The real issue comes up when authors who think they are good don’t know the meaning of that word when it applies to selling novels. There are those who spend significant time and money perfecting their craft and yet get nowhere. These are often people with masters and PhDs in writing and literature who declare success must not be about skill, but rather based on sheer luck—because if it was all about skill, they would be successful. What they fail to understand is that good prose, originality, and wonderful sub-text doesn’t necessarily translate into sales success. Even critical acclaim doesn’t necessarily generate significant sales. Don’t believe me, look up the list of the bestselling novels of all time then compare that to the list of Pulitzer Prize winners.

But not all popular books are good!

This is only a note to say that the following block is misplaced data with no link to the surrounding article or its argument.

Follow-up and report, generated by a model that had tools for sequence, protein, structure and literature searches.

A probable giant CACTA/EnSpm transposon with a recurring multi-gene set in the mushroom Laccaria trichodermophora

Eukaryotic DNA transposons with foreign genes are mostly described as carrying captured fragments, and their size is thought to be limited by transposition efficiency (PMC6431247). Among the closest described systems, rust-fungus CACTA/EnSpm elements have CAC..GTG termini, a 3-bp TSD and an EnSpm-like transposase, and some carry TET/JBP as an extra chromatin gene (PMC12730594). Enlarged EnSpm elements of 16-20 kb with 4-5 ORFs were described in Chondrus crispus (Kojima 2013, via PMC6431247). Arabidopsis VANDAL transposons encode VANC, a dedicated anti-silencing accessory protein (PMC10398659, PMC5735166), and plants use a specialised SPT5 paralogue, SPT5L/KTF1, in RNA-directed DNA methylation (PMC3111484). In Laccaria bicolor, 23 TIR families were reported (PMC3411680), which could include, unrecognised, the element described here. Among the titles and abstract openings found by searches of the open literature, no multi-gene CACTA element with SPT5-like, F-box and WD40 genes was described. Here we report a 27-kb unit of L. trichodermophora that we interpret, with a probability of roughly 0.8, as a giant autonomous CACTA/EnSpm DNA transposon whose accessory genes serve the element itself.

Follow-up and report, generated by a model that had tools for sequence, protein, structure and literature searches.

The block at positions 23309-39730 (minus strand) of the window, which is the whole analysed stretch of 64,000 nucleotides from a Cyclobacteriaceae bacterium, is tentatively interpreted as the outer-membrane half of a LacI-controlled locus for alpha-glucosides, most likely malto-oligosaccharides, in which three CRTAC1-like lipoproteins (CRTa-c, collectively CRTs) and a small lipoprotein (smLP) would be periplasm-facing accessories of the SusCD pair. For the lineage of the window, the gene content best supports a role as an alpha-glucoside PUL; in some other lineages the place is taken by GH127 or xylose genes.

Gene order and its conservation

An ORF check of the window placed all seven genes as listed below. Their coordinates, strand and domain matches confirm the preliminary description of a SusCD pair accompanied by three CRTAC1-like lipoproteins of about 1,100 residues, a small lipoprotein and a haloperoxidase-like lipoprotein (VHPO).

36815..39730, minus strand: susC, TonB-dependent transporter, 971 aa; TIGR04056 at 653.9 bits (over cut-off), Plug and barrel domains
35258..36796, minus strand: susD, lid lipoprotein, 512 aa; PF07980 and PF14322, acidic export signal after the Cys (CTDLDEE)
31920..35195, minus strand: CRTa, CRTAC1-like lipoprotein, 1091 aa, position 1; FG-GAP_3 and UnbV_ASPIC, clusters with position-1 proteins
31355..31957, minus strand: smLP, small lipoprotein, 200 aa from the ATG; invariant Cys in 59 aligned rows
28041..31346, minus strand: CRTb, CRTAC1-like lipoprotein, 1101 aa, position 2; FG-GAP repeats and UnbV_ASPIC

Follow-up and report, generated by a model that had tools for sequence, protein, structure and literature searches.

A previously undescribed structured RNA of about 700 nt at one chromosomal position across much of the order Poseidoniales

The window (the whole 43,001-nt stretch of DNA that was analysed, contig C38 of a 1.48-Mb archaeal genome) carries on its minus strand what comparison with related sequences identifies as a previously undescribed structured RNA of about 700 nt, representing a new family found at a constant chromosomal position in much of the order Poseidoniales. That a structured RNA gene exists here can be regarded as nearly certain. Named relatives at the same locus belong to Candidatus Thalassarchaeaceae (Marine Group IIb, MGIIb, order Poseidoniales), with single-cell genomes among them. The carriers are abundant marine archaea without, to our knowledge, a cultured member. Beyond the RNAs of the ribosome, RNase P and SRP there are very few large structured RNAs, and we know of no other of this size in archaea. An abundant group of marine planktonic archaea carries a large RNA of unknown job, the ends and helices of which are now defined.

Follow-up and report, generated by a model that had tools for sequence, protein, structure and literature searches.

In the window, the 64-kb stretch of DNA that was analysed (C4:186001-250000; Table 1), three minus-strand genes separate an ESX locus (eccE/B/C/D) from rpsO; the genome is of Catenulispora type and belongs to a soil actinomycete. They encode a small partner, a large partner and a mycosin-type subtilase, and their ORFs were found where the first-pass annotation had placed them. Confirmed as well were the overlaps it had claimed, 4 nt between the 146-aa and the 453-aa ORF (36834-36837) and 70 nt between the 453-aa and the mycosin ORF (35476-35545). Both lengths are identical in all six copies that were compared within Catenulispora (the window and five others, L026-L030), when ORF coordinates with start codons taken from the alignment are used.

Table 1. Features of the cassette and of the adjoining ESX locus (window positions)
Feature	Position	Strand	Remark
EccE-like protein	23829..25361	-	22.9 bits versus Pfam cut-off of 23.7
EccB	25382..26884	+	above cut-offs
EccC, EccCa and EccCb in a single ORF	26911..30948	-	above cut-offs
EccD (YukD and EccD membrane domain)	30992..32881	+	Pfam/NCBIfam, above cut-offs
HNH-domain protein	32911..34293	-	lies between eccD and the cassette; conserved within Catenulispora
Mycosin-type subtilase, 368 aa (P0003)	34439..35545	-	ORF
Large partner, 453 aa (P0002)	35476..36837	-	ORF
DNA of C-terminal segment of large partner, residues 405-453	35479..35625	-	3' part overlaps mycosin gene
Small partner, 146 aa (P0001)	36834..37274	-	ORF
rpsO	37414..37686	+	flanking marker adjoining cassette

I’m not talking about the subjective judgment of good verses bad writing here, (if you want that see my previous post on objectively badbooks,) I’m speaking of successful books. And while an argument could be made that one person’s definition of success is not equal to another’s, I’m willing to go out on a limb and state that the majority of authors see financial independence as the primary indicator of success. An award is nice, but the ability to buy your mother a house in cash, never have money concerns again, and being able to write full-time is priceless. Whenever I speak to writers and ask what their big dream is, the answer always comes back: “A #1 book on the NYT Bestseller’s List.” People would choose this over the wish of eating all they want while magically remaining at their ideal weight. Some may covet critical success over millions of readers, I just haven’t met any yet. I’ve never once heard anyone saying their goal is winning a Pulitzer, Man Booker, Noble, or Nebula. That sort of desire for acclaim might come after financial success is achieved, but by then the writer is already considered successful. So if you concede that the reason a writer publishes a book is for number of readers and money, a good book—in this discussion—is then by definition, a book that sells a high number of copies at a price-point that provides a substantial financial reward to the author. And books that sell a high number of copies are those that strike a chord in readers, not necessarily those containing the best prose or the most original ideas.